How to build a content strategy: Phase two
Updated: Dec 15, 2022
If you’ve been following phase one of building a content strategy, by now you should have already clearly defined your:
Once you’ve presented this in one solid document to your whole department or company (maybe around September time) , everyone should be on the same page. Phase two of the content marketing strategy is where we start to craft and implement content, based on these initial findings. The next section will focus on SEO strategy, building customer reviews and increasing your blog production.
Because things get very competitive in the run up to the new financial year, I’d suggest that personal financial companies, such as Stocks and Shares ISAs providers (which is my niche) do this from October until December. However, there is no right or wrong time to get started.
October: Optimise your web copy
By now you know what you’re saying and you know who you’re saying it to. Great! Now let’s say it on your web page.
Just like a shop in a street, you want people to be able to find you online by browsing around. For example, if you wanted to buy a pair of shoes in town, you might not know the name of the exact store but you’d probably know which area to walk to. You’d head to the shopping centre, not the park.
In the same way, you want people to find you online by typing in the sort of product or service you offer. This is called the “search term” or “keyword”. Obviously if someone typed in your exact brand name they’d expect to find you – the same way as if you drove to a specific store. Implementing SEO isn’t really for those people, it’s for the browsers.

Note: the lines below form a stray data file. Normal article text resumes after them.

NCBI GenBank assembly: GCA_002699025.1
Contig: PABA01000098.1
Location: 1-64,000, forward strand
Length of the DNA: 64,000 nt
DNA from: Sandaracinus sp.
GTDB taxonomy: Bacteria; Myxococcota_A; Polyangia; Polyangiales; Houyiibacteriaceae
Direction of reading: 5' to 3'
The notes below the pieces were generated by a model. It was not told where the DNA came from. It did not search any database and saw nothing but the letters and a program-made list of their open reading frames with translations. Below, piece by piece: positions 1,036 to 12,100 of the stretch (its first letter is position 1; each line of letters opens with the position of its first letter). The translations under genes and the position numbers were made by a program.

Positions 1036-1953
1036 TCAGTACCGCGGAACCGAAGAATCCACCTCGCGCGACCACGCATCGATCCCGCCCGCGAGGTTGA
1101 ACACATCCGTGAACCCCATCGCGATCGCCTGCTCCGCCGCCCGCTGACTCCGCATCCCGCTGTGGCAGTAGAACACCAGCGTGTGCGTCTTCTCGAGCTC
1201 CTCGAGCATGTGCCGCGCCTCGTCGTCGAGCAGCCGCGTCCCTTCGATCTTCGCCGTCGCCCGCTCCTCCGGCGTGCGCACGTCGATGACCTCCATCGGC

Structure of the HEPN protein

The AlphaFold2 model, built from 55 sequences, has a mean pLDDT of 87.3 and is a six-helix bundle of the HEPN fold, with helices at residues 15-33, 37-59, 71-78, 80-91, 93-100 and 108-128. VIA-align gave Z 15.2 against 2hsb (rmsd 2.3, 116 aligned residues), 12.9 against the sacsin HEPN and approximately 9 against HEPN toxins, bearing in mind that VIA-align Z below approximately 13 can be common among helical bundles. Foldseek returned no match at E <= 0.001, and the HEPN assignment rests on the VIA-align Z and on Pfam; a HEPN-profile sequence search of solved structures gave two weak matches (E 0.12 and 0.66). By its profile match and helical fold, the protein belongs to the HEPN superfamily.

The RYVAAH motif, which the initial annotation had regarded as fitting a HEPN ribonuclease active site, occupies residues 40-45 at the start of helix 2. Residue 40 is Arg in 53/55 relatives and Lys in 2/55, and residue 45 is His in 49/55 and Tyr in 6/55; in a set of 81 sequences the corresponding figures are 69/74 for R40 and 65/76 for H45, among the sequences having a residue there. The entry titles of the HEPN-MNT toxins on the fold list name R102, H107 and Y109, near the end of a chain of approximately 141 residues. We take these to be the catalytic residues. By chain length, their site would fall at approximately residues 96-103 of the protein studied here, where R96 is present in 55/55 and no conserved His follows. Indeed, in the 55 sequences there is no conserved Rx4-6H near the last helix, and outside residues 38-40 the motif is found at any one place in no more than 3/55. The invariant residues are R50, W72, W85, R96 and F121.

There’re two steps to optimising your web copy:
1. Finding out what your people are typing into Google to find your product
2. Making sure that your text matches so that you get found
You can find what people are typing in with SEO platforms such as Moz, SEMrush and AH Refs. There are also some free alternatives available if you’re on a budget. I’ve listed these in the blog below.
Read more about essential free tools for copywriters here
When it comes to finding the your best search terms, at first it involves a bit of guesswork. You’ll have to estimate what people would type in for your product, for example, “Stocks and Shares ISA”. From there you should be able to get much more solid indications of how people are phrasing their search queries. Then it’s up to you to make sure that your web copy matches up. You should especially focus on your product and home page. Here are some top tips to help optimise your website:
Include key search terms in headings (H1, H2)
Include key search terms in URL addresses
Add alt text to all your images
Add inbound links across your website